Wednesday, 11 December 2013

The Digital Reader

The Digital Reader

The Morning Coffee – 12 December 2013

Posted: 11 Dec 2013 09:14 PM PST

Top stories this morning include the final installment in a series on going DRM- free (link), a post which tries to recruit a writer for a content farm (link), the ongoing fight between FB and TW which seems to be driving them into looking and acting like each other (link), a digital magazine startup raising capital (link), and more.

  • Could B&N's Struggles Strengthen Indie Bookshops? (IndieReader)
  • Digital Magazine Startup Magzter Raises $10M To Fuel Global Growth (TechCrunch)
  • Digital Only Book Publishing Springs up in Mexico (DBW)
  • Feedly reminds us that there is nothing free on the internet (
  • My DRM-Free Year: Wrap-Up (TeleRead)
  • One stream to rule them all (the real Facebook vs. Twitter war) (bokardo)
  • Questioning Bookbub (Indie Authors)
  • Vellum: Taking the pain out of e-book publishing (TUAW)
  • Wanted: Great writer who can type fast (JIMROMENESKO.COM)
  • How much indie authors earn – You're looking at it wrong (Hugh Howey)

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Can Scholarly Publishing Evolve Beyond the PDF? (video)

Posted: 11 Dec 2013 10:56 AM PST

We all use pdf-icon[1]PDF’s everyday but have you ever wondered where it came from?

Wiley released a video a few weeks back which explores the history of the PDF format from its early years as a tool of the printing industry to the current hydra-like status it enjoys today.

Okay, hydra might not be the most accurate term (kudzu?) but I have noticed that every time I try to delete a PDF file 2 more take its place. It’s a pernicious problem.

Kidding aside , PDF has hung around for 20 years not just because Adobe supported it but also because it fills a need both among producers and users. It’s the document format that is the cheapest to produce and use which offers complex layouts, print fidelity, active code, and (we must not forget) security holes.

Scholarly Kitchen

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B&N Chairman Sells Shares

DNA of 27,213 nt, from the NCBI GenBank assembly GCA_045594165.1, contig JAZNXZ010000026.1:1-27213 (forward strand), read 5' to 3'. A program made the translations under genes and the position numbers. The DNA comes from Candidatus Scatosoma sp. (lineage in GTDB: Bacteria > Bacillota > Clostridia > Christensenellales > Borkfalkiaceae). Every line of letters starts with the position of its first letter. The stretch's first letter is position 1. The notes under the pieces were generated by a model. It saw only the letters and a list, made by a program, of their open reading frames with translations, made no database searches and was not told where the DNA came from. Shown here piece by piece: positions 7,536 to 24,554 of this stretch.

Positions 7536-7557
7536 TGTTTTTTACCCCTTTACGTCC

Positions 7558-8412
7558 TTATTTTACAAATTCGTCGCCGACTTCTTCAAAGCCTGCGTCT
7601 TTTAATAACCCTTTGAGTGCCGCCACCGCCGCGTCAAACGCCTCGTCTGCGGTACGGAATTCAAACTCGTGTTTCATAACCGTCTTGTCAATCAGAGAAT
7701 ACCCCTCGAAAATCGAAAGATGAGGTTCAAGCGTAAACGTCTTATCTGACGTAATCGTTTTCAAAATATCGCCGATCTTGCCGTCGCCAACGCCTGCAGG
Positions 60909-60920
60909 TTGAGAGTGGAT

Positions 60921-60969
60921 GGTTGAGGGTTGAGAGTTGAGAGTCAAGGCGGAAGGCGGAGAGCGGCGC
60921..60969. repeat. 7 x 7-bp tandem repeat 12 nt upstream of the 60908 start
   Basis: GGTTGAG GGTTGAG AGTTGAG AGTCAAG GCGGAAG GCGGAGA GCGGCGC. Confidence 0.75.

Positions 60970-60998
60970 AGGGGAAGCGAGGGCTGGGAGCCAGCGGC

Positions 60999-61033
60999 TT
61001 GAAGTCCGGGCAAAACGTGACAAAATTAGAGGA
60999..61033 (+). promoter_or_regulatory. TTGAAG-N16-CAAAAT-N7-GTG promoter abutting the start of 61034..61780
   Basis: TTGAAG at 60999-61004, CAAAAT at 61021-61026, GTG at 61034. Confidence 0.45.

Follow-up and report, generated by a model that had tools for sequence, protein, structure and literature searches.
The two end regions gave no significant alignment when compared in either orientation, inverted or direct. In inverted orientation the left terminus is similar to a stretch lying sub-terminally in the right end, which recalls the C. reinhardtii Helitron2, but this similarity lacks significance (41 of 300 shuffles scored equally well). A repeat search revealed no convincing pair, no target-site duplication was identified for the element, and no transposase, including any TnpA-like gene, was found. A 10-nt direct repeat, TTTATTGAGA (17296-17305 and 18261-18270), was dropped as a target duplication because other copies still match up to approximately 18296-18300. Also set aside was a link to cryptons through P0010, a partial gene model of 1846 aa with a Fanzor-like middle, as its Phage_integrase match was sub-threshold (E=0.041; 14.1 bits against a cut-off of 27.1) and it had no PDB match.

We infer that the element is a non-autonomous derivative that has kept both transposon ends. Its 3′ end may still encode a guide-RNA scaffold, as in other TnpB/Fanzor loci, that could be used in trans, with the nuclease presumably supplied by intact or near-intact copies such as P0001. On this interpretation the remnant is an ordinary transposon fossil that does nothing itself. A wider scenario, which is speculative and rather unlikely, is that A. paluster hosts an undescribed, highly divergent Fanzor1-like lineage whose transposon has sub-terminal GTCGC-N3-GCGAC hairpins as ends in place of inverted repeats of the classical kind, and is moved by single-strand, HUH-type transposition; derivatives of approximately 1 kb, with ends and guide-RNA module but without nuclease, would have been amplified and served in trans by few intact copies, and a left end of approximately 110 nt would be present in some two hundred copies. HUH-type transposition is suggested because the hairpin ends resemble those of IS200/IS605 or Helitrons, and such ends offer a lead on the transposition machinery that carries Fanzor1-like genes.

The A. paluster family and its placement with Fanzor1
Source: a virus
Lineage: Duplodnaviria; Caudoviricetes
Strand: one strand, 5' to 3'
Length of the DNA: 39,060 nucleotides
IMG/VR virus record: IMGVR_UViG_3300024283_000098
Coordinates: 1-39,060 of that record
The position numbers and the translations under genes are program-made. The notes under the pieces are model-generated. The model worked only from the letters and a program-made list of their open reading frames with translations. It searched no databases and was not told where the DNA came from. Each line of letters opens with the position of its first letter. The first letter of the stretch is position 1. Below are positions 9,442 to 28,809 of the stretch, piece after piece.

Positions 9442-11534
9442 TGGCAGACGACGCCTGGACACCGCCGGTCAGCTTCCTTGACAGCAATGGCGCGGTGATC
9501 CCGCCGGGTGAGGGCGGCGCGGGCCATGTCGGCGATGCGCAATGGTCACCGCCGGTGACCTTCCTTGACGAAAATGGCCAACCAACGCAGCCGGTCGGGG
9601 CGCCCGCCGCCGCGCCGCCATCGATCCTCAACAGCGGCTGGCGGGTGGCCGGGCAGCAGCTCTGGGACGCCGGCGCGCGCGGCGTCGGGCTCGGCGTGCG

Posted: 11 Dec 2013 10:11 AM PST

I wouldn’t barnes noble logoread too much into this, but B&N Chairman Len Riggio filed new paperwork with the Securities and Exchange Commission this week. He and his wife are selling off a couple million shares of Barnes & Noble stock, leaving them with ownership and control of 26% of the company.

According to the filing the sale was below market price, at $13.81 a share, “in a privately negotiated block trade.” At the time I write this post the stock is trading at $13.93. As recently as last week the stock price traded at above 16 dollars a share, but that was before B&N revealed that they were under SEC investigation.

While it would be fun to speculate as to why Riggio sold off the stock, I think I already know why. Remember earlier this year when Len Riggio announced plans to split B&N and buy the retail stores away from rest of the company?

At the time he revealed that he had acquired additional stock, probably as part of a plan to force a proxy fight and split the company. Given that we know his plans to salvage the retail stores have been cancelled now that he leads the company again, there is little reason not to sell off some of the stock he acquired.

Update: Barron’s scored an interview with Riggio and he explained the sale:

Riggio explained that he owned high-cost Barnes & Noble shares purchased above $35 a share. The sale of the two million shares established a tax loss this year that can be used to offset any gains that he may have realized. Riggio presumably also owns a lot of low-cost Barnes & Noble shares.

The 72-year-old Riggio said he made the decision to sell the shares last month after consultation with his tax and financial advisors. “I don’t even follow the price of the stock. I never looked at the stock price when I was selling.”


Publishers Lunch

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Ricoh’s New Survey Report Says Consumers Don’t Like eBooks, Neglects to Ask Book Buyers What They Think